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Peeking out of the All-American closet

By |2018-01-15T21:06:31-05:00February 19th, 2009|Entertainment|

By Dan Woog

The OutField

Last month, the National Soccer Coaches Association of America honored its college All-Americans. With up to three men’s and women’s teams in the NCAA (Division I, II and III), NAIA, community and junior college, the list reaches the hundreds. Logic dictates that dozens of those All-Americans are gay.
But like college athletes at every school, in every sport and at every skill level, most are closeted.
Forty years after Stonewall, many of our physically strongest and toughest men and women still fear coming out to teammates and coaches.
Here is the story of one of them. But as testimony to his situation, he asked not to be identified by name, school, or even region of the country. This college All-American chose the pseudonym “Mason.”
Mason grew up in a rural area, in what he calls “a great home.” His parents were well-educated professionals. He started soccer at age 4, and it soon became his life. “When I was on the field, I didn’t have to worry about anything else,” Mason says. “I could repress my emotions, and devote all my energy to soccer. It was my sanctuary.”
Throughout high school, Mason hated being different. Burying his feelings, he dated tons of girls – and, secretly, one boy. One night, after drinking a bit, they kissed. The other boy, from a conservative Baptist family, told Mason they would both go to hell.
Mason hated being gay, himself and his life. He thought of suicide. But college was a fresh start, and he counted the days until graduation.
He chose a school in another state, as a way to start over – as straight. “Nobody knew me there,” he explains. “I could be whoever I wanted to be.” His new teammates assumed he was straight. The only question they asked was if he had a girlfriend back home.
His soccer experience was “amazing.” For the first time, he achieved his dream: He felt like he fit in. He went to parties, drank and hooked up with girls. “At the time, I thought my life was perfect,” Mason says. “But deep down I knew I was still different. I still dreamed about guys. I couldn’t escape it.”
His soccer coach often used “fag” as a putdown. Teammates routinely made anti-gay jokes. Once, as a joke, a player acted feminine. The coach said, “No fags on this team.”
“I knew I could never come out to them,” Mason says. “I’d started every game since I was a freshman, but even though I was on scholarship my coach would sit me if he found out I was gay.”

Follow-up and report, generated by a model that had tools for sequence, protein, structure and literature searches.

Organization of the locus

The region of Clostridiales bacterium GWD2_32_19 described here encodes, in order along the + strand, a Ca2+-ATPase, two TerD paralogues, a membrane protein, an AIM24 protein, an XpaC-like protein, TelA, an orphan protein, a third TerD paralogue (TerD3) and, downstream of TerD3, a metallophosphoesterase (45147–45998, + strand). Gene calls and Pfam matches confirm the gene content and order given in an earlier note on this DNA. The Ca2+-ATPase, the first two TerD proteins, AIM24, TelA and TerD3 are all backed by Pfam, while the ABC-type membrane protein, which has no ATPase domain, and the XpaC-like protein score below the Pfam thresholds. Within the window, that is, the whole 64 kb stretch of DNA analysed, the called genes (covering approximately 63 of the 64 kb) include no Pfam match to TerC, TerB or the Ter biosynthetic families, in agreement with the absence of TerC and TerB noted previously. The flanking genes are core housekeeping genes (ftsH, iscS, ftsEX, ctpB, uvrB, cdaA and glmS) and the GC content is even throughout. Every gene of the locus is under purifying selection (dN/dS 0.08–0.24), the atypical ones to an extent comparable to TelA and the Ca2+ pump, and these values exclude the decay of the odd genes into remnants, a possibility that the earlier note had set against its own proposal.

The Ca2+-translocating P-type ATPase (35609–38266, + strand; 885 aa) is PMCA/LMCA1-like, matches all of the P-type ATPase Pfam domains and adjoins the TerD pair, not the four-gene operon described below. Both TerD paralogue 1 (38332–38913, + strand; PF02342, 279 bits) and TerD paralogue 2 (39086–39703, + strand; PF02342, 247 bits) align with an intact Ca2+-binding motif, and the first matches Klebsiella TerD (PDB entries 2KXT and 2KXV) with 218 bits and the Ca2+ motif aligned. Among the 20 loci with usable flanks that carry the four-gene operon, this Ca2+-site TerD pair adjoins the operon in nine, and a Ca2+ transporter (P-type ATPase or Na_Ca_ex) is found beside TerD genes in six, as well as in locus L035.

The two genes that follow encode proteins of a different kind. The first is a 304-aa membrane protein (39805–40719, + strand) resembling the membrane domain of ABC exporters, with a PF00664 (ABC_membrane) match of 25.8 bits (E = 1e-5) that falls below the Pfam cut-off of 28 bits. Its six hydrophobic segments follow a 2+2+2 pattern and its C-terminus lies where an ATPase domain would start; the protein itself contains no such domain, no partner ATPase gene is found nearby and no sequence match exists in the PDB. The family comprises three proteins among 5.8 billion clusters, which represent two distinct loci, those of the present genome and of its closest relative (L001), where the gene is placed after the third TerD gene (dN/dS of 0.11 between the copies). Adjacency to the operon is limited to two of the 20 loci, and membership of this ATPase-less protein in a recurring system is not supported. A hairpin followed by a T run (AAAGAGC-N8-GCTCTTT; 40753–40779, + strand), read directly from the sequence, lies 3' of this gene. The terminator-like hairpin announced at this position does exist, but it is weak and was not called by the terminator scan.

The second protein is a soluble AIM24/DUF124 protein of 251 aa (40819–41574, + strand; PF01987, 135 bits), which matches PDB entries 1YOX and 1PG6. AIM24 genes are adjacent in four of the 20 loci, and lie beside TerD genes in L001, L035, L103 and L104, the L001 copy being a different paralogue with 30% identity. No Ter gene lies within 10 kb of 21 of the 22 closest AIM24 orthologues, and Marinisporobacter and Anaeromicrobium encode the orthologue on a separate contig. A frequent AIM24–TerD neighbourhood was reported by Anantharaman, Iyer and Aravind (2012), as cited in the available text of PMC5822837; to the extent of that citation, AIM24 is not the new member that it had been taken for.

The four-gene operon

Last summer, Mason realized how unhappy he still was. He headed to the door and told the girl he was dating, “I just need to think about some things.” A week later he came out to a friend from high school. The friend was ecstatic; Mason felt intense relief.
He also told a favorite teacher from high school. She hugged him, and said he had a great life to look forward to. She was right. All summer long, Mason grew more comfortable with his sexuality. “For the first time I loved myself; I loved the man I was becoming,” he says.
But still he could not tell anyone on his team. Senior year was approaching, and he was sure they would not accept him. He spent all fall closeted at school. It was not easy.
“I still feel like my teammates – who I consider my brothers – don’t really know me. But based on their comments, and my coach’s, I felt it was better to be fake than be ridiculed. It was a horrible environment. But my love for soccer kept me going. I focused all my energy on the game. ”
Despite all his success – including being named All-American – life remains incomplete. “I’m held in such high regard as a player, but nobody knows I’m gay,” Mason says. “I felt like my team would look at me differently – like I’m less of a man.
“I regret having to hide. I admire college athletes who come out to their team. I wish I had the courage to do that. But my coach did not create that kind of environment. Tactically and technically he’s great, but coaching is more than that. I blame him – and myself – for living in hypocrisy.
He continues: “This is an issue I wish college coaches would invest more time and interest in. College athletes need to be able to express ourselves without fear of discrimination. I hope if anyone in college reads this article, it will stir up some noise about this issue. It exists.” And one day, Mason hopes, another All-American will be able to speak about it without needing an alias.

About the Author:

Between The Lines has been publishing LGBTQ-related content in Southeast Michigan since the early '90s. This year marks the publication's 27th anniversary.
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